Finally, effective high seas biodiversity protection will also require greatly enhanced management ambition and capacity outside of MPAs. The international legally binding instrument for ABNJ currently being negotiated by the UN presents the opportunity to augment and strengthen the ability of organisations that manage different areas of the sea and the human activities in it to effectively adopt and enforce sound regulations.

This would give industry clearer direction as to where it can and cannot operate, while delivering sustainable management in areas that remain open to human use.

It is clear that the 30% MPA report, whilst full of good intention with regard to the question of governance (how to establish and enforce respect for the ecological integrity of the ocean), is inchoate in its thinking as to the form this governance would take and how it would be delivered — other than to emphasise that it will require political will and expects the proposed UN High Seas Treaty to be the vehicle for this.

Thus the 30% MPA Report displays all the characteristic failings of the academic, scientific and, all to frequently, NGO community : they are not prepared to address the challenge of politics and how we actually deliver a world where the needs of the planet are foremost before all else. This is the unavoidable, imperative reality that politics from now on has to address. A politics which must be built on the uncompromising belief in the ecological integrity of the planet first, mankind and its economic wealth second.

Unless this is so, mankind is deluding itself because the reality behind our current economic model is little other than a fool’s paradise.

Marinet has set out a blueprint for the model of governance for the UN High Seas Treaty in its recent publication Is the new proposed High Seas Treaty up to the job? Marinet commentary, April 2019 which is a distilled statement of principles drawn from the Marinet supported publication Conserving the Great Blue : Overturning the Dominant Ocean Paradigm by Deborah Wright.

Essentially, we need to regard the ocean as sovereign in ecological terms. If we accept that future politics has to be based on the premise that mankind can no longer build a future for itself on this planet unless the primacy of the planet’s ecological integrity is respected absolutely, then it follows that all activities we undertake in the ocean have to be in accord with total respect for the ecological integrity of the ocean. In other words, the ocean is not a marine protected area in part (a network of places where that ecological integrity is respected and so managed) but rather the ocean in its entirety is a marine protected area.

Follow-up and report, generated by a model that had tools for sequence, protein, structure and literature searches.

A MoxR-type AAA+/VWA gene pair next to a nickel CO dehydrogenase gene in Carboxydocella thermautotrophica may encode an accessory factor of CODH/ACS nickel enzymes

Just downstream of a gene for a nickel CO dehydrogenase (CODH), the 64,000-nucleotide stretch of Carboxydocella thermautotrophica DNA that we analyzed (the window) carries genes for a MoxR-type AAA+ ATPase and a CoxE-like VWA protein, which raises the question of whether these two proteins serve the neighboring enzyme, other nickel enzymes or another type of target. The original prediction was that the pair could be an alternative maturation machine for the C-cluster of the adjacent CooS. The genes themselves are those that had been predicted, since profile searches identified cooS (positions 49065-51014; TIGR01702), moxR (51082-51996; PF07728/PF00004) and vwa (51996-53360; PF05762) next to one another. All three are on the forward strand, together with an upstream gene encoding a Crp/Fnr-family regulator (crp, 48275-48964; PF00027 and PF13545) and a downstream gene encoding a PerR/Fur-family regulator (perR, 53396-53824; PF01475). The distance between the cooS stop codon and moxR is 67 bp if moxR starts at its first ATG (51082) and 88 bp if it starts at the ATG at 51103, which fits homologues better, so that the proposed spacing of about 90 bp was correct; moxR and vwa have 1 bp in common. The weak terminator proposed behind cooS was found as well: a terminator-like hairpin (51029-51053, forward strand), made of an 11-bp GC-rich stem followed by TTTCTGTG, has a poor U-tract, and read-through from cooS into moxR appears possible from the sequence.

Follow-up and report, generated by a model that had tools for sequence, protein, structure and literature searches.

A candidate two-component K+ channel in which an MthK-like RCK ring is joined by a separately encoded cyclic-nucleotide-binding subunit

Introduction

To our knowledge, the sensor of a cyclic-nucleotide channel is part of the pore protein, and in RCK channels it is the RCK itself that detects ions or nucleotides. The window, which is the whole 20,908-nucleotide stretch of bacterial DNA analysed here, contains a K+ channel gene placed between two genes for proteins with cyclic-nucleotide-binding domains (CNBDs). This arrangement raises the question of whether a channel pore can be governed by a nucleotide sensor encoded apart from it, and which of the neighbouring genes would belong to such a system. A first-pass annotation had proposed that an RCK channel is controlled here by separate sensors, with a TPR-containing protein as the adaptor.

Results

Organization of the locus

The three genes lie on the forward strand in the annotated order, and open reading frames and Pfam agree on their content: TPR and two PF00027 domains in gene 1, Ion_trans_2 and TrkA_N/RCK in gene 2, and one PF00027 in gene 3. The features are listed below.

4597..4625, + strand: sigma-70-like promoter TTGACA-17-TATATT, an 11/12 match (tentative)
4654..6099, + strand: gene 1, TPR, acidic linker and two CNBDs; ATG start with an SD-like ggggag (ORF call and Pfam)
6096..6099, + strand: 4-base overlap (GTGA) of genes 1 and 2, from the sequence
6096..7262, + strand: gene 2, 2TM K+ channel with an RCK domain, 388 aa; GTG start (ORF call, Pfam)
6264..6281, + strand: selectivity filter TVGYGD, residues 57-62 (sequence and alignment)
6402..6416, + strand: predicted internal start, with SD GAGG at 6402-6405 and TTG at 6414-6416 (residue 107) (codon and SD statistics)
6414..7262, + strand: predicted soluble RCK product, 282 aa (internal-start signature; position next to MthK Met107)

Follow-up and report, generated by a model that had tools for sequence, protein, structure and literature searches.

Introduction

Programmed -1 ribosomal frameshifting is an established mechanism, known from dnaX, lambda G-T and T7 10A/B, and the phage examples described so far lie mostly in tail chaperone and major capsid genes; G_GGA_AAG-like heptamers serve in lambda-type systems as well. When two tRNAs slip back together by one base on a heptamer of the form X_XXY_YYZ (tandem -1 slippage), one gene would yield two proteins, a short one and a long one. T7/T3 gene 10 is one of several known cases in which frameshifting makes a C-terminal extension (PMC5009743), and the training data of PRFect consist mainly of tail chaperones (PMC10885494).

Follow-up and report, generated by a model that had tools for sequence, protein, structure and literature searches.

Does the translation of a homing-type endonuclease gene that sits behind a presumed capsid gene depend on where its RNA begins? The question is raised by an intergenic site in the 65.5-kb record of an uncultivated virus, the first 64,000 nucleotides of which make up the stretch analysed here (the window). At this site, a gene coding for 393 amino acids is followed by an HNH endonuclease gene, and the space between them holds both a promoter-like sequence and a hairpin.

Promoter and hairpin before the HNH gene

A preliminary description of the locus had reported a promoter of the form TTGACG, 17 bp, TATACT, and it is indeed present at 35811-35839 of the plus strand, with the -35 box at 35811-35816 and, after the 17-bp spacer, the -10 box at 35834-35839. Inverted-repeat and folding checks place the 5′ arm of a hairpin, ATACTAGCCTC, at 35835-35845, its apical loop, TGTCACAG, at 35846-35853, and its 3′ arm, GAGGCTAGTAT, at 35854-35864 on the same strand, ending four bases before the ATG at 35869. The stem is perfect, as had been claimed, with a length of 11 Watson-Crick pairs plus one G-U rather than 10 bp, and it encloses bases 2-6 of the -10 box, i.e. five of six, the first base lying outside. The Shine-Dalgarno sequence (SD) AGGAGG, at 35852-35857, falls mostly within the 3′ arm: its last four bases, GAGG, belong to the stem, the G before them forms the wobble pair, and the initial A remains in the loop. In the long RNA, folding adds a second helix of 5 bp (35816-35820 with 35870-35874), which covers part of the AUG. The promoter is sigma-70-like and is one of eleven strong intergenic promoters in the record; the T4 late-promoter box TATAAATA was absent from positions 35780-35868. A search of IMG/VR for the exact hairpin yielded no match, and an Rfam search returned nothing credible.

This means no human activity in the ocean can take place which does not respect this fundamental integrity; and in the performance of that activity must display such respect. If it cannot then either the activity is never allowed to occur or if the activity violates the ocean’s integrity whilst actually operating, then it is compelled to cease.

In other words governance is universal throughout the ocean (no blind spots) and is always, without exception, subject to the full force of the law (judicial authority is absolute).

This requires the inclusion of the Crime of Ecocide as the fifth element in the UN Rome Statute along with a UN High Seas Treaty which establishes and empowers a governmental body via an Oceans Protocol with full administrative and enforcement powers and which acts in a manner similar to the way in which the UN Montreal Protocol (Vienna Convention) operates for the elimination of ozone depleting chemicals from the planet’s atmosphere. With these two pillars in position, administrative and judicial, then the High Seas Treaty can deliver the universal governance of the ocean which the new politics must deliver to secure an assured future for both the planet and mankind.

What we are talking about here is the ability to live on Earth in the Age of Consequences. In this Age, the present, we have passed beyond the tipping point — marked by a fundamental shift in the ecological order of the planet on land, in the ocean and in the atmosphere.

In this new reality things have changed fundamentally. In this new era, the Age of Consequences, the primary requirement is no longer to direct our intelligence to finding solutions which will prevent a fundamental shift in the ecology of the planet but rather, because this shift has already occurred and is irreversible, we must live empathetically with the ecology of the Earth whose core ecological dynamics we have irreversibly transformed. If we do not do this, we do not survive and we become another casualty as well as a primary agent in the forecasted sixth mass extinction.